in pay decisions). While it is true that some courts have denied conditional certification where employees are paid by different pay systems, these cases are instructive but not determinative. First, Carlson v. Leprino Foods Co., No. 1:05CV798, 2006 WL 1851245 (W.D.Mich. June 30, 2006), and Fox v. Tyson Foods, Inc., No. 4:99CV1612, 2006 WL 6012784 (N.D. Ala. Nov. 15 2006) are inapposite because they involved multi-facility, multistate employee classes. The members of the proposed class herein all work for the same employer at the same facility. Second, although Robinson v. Tyson Foods, Inc., 254 F.R.D. 97, 101-102 (S.D.Iowa Nov. 12, 2008) and Bouaphakeo v. Tyson Foods, Inc., 564 F. Supp. 2d 870 (N.D.Iowa 2008)(holding same), are somewhat similar to this case, other Eighth Circuit cases have ruled differently. See Helmert, 2009 WL 5066759, at *3 (Eastern District of Arkansas holding that plaintiffs were similarly situated for conditional certification purposes where employees were paid by three different timekeeping systems); See also Busler, 2009 WL 2998970, at *3 (W.D.Mo. Sept. 16, 2009)(granting conditional certification where employees were subject to different pay systems). Finally, to the extent that pay systems and amount of time spent donning, doffing, sanitizing and walking differs by department and employee, simply identifying differences between the parties is not enough to defeat a motion for conditional certification at this notice stage. Helmert, 2009 WL 5066759, at *4. Even if these differences may affect plaintiffs' ability to prove liability, the merits of the parties' claims and defenses are not reached at the
conditional certification stage. Id. Moreover, these differences are likely more appropriately addressed at the damages stage. See Spoerle v. Kraft Foods Global, Inc., 253 F.R.D. 434, 439-440 (W.D.Wisc. 2008) (noting that "in any class action for damages, no two parties will ever have exactly the same claim"). Townsends also argues that plaintiffs' FLSA action should not be conditionally certified because plaintiffs fail to offer evidence that any potential class members desire to opt-in to the litigation. This argument, however, was rejected in Helmert, 2009 WL 5066759, at *4-5. For the reasons set forth above, plaintiffs' motion for conditional collective action certification pursuant to the FLSA is granted. B. Rule 23 Class Certification Plaintiffs request for certification of their AMWA and common law quantum meruit claims pursuant to Federal Rule of Civil Procedure 23(b)(3) is granted and its request pursuant to Rule 23(b)(2) is denied. Plaintiffs allege multiple violations of the AMWA. First, plaintiffs allege that Townsends violated the overtime, Ark. Code Ann. 11-4-203, and record keeping, Ark. Code R. § 010.14-102, provisions of the AMWA because they not only failed to pay their employees for donning and doffing but also failed to even record these activities. Am. Compl. ¶ 70-78. Second, plaintiffs allege that Townsends failed to compensate their employees for straight time in violation of Ark. Code Ann. § 11-4-218. Am. Compl. ¶ 79-85.
Third, plaintiffs allege that Townsends failed to compensate their employees for donning and doffing related activities prior to and at the conclusion of `bona fide' meal breaks in violation of Ark. Code R. § 010-14-108. Am. Compl. ¶ 86-93. Fourth, Plaintiffs allege that Townsends violated Ark. Code. Ann §§ 11-4-218, 11-4-213 and Ark. Code R. 010.14-107, by making unlawful wage deductions from their employees' paychecks to purchase replacement donning and doffing equipment. Am. Compl. ¶ 94-100. In addition to these alleged statutory violations, plaintiffs claim common law quantum meruit. In doing so, they allege that Townsends' refusal to pay employees for all donning and doffing related activities resulted in employees conferring a benefit on Townsends, for which they were not compensated. Am. Compl. ¶ 101-106. Plaintiffs argue that Rule 23 class treatment of the following is appropriate: All persons who are or were employed by Townsends of Arkansas, Inc., and/or Townsends, Inc. ("Townsends"), as non-exempt, hourly paid, production or support employees at Townsends' chicken processing plant located in Batesville, Arkansas, who have been employed by Townsends any time since October 1, 2006 to the present. Townsends disagrees, and argues that class certification is inappropriate because these potential plaintiffs cannot meet the commonality, typicality, and predominance requirements of Rule 23. 1. Rule 23(a) Standard Plaintiffs' claims satisfy the requirements of Rule 23(a). District court's have broad discretion in determining whether to certify a class. Gilbert v. City of Little Rock, 722 F.2d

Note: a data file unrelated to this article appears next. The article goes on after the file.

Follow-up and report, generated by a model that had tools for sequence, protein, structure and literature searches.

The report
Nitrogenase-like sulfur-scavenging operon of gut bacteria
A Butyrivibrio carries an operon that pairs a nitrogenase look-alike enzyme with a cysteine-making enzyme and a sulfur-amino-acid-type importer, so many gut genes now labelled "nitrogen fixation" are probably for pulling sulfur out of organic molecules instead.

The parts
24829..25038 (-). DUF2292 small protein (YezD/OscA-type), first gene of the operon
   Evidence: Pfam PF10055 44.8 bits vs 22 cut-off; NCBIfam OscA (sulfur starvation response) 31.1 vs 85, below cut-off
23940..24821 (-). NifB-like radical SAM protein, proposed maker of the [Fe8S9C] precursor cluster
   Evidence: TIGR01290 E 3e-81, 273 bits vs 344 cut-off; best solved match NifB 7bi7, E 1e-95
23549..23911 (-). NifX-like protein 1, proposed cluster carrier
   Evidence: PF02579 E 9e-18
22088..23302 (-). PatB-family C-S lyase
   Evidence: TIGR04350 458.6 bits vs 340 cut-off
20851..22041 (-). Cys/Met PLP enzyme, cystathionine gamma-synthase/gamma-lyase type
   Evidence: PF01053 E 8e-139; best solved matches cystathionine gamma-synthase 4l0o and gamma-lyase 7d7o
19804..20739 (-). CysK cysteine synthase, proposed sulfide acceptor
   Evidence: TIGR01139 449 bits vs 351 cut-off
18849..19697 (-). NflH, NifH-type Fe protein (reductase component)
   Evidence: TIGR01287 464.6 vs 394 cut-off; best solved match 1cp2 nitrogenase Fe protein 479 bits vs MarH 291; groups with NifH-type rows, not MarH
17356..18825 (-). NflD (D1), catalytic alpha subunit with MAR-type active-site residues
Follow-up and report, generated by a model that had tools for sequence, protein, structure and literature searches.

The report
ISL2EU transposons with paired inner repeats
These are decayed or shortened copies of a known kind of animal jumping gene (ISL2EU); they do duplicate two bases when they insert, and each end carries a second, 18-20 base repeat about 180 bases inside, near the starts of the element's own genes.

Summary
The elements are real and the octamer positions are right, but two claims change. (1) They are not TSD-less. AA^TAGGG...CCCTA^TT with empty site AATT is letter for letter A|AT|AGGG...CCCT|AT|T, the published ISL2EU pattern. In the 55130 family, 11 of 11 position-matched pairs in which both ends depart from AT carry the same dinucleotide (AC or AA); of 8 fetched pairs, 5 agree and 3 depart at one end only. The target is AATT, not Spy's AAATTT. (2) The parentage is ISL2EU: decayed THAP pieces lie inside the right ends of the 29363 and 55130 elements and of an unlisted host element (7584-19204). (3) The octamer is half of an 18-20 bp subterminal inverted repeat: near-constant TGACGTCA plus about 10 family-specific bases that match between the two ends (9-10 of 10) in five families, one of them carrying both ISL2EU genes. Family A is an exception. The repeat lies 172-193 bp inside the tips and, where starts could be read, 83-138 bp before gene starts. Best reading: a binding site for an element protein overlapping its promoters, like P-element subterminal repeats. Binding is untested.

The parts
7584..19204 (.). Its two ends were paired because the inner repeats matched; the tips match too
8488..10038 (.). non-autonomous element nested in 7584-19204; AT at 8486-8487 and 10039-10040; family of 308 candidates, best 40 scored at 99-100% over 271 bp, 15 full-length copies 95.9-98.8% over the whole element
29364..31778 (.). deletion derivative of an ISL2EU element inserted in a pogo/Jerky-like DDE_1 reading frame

1390, 1399 (8th Cir. 1983). Rule 23(a), however, provides that to obtain class certification, the plaintiffs must prove that: (1) the class is so numerous that joinder of all members is impracticable ("Numerosity"); (2) there are questions of law or fact common to the class ("Commonality"); (3) the claims or defenses of the representative parties are typical of the claims or defenses of the class ("Typicality"); and (4) the representative parties will fairly and adequately protect the interests of the class ("Adequate Representation"). Fed. R. Civ. P. 23(a); Paxton v. Union Nat'l Bank, 688 F.2d 552, 559 (8th Cir. 1982). In analyzing these factors, the question is not whether plaintiffs have stated a cause of action or will prevail on the merits. Eisen v. Carlisle and Jacquelin, 417 U.S. 156, 178 (1974). The only issue is whether plaintiffs have satisfied Rule 23. a. Numerosity
Plaintiffs' claims meet the numerosity standard. Rule 23(a)(1) requires an inquiry into whether the class is so "numerous that joinder of all members is impracticable." Paxton, 688 F.2d at 559. Although no arbitrary rules regarding the necessary class size exists, the plaintiff has the burden of establishing that numerosity exists. Belles v. Schweiker, 720 F.2d 509, 515 (8th Cir. 1983). Townsends does not dispute that plaintiffs have met its numerosity requirement. Plaintiffs proposed class consists of production and support employees at Townsends' Batesville facility at any time since October 1, 2006. Townsends currently employs approximately 820 employees at the Batesville facility. Although these numbers do not account for all persons employed since October 1, 2006, they provide sufficient evidence